What is interesting here is on the form I had to complete, one question asked if I believed that the physio and massage would help my condition - on a scale from 1 to 5 (5 being extremely - yes). From past experience and hard work I had successful rehab on my tennis elbow, so I checked off #5.
In passing conversation with my masseuse, I asked her many questions about how I should handle self-massage at home - when she asked me how did I answer that particular question on the form. I replied that I believed with hard work I would improve and probably get back to normal quickly, which I am doing, as well as working at the same time.
She then stated that quite a few people come into rehab with the belief that they will never get better and remain disabled for the remainder of their lives. These people, she stated, always chose #1 on the form.
I have been wondering if these people can be classified as 'fake' disabled because they have mentally given up and, to me, seem to not want to try. What do you all think?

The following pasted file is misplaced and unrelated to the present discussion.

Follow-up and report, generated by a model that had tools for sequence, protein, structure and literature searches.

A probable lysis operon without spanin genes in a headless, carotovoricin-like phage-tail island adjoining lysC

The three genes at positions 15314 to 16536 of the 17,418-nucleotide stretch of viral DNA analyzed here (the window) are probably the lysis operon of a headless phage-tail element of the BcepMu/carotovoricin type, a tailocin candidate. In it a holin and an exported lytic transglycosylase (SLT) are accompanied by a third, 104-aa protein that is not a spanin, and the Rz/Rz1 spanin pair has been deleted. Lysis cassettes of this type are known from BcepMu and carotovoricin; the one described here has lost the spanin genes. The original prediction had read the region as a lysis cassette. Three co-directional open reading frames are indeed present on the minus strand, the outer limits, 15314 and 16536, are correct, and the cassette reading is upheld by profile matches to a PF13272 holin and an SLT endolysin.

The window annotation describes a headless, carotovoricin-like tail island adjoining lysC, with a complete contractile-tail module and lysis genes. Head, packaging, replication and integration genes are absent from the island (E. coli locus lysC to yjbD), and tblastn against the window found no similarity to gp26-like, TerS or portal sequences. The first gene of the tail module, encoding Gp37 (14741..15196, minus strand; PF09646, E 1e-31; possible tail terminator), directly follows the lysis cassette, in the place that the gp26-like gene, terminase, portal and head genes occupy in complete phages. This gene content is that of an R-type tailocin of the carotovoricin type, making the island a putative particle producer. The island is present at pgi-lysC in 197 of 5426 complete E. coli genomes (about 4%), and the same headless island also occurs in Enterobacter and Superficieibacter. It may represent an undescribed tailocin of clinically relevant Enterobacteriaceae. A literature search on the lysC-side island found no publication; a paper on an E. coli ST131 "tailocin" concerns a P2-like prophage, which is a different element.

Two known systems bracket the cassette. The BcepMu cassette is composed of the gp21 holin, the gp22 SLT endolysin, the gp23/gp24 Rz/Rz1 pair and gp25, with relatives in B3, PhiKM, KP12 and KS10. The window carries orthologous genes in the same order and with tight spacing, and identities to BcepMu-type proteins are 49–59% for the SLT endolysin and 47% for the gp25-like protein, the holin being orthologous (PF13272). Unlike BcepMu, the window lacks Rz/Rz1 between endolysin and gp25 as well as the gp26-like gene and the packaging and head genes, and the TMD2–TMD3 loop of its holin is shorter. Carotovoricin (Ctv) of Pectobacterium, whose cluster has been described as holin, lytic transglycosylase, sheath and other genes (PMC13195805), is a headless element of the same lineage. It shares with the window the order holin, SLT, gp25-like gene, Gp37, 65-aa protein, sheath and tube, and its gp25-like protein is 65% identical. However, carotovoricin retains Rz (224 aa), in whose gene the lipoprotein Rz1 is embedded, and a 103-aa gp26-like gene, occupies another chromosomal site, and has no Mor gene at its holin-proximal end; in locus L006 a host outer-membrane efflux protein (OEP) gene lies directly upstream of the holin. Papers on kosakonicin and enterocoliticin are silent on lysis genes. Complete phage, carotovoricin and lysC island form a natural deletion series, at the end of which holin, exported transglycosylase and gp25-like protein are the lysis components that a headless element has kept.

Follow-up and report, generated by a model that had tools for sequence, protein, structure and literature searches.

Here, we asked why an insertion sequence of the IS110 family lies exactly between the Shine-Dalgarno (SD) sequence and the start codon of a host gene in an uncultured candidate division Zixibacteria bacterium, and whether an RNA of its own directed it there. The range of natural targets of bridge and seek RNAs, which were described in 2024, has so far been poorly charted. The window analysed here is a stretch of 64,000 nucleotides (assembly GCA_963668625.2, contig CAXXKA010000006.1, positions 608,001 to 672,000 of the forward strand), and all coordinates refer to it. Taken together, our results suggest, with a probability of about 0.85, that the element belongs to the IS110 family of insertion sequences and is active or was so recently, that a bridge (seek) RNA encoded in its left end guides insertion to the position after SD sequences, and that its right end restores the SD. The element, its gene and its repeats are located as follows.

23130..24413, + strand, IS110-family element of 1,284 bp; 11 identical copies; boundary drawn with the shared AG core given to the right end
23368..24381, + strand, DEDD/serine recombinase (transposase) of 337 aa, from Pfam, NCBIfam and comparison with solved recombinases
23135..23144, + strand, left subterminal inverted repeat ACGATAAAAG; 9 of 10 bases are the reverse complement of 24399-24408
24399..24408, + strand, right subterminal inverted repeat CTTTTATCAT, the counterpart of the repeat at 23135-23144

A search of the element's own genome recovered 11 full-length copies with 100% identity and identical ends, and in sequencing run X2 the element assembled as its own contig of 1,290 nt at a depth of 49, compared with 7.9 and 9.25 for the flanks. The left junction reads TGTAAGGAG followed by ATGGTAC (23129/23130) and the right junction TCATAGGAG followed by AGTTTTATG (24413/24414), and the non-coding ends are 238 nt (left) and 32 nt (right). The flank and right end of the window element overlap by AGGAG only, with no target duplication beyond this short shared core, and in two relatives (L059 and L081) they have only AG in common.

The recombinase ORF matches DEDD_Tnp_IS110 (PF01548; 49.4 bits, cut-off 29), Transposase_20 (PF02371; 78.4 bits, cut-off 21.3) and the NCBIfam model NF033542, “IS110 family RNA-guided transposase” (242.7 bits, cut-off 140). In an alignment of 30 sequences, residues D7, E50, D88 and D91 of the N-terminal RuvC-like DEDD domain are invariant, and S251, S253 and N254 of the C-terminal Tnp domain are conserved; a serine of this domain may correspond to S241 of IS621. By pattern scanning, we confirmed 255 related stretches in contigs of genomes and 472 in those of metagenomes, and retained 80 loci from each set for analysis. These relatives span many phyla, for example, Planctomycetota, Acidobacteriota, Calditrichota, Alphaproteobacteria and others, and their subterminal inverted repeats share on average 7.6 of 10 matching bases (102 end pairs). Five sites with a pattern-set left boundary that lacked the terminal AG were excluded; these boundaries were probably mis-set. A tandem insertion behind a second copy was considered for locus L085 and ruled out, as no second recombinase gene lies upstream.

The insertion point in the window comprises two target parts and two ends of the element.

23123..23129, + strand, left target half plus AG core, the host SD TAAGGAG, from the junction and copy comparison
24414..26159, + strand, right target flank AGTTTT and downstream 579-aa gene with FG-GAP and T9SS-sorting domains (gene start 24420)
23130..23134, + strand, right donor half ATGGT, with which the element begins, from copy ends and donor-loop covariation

Also, in discussing this topic with hubby this morning, he stated that he had a conversation with his doctor who told him that many people come into his office looking for him to diagnose them as disabled so they don't have to work any more.
Then again, we have disabled people that are working have this to say.....
Quote:On the 8th of September, Dr Stephen Duckworth, the head of the Personal Independence Payment provider Capita, gave a number of interviews which built on his previous assertions in March that the new disability benefit package designed by the ConDem’s is liberating and enabling. The paralysed Capita boss believes that because he himself is disabled and can work so can 1 million other disabled people and by society expecting and accepting anything less, it is doing disabled people a disservice. Stephen who currently claims DLA himself believes that more than 1 million current recipients of DLA receive the benefit due to system failure and the way society is organised and proposes that people shouldn’t wait to get better before returning to work but should use work as some form of ‘therapeutic intervention’.
Do you think Stephen (disabled author of article) is kicking the disabled when they are down, or trying to empower them via suggesting they look for therapeutic work?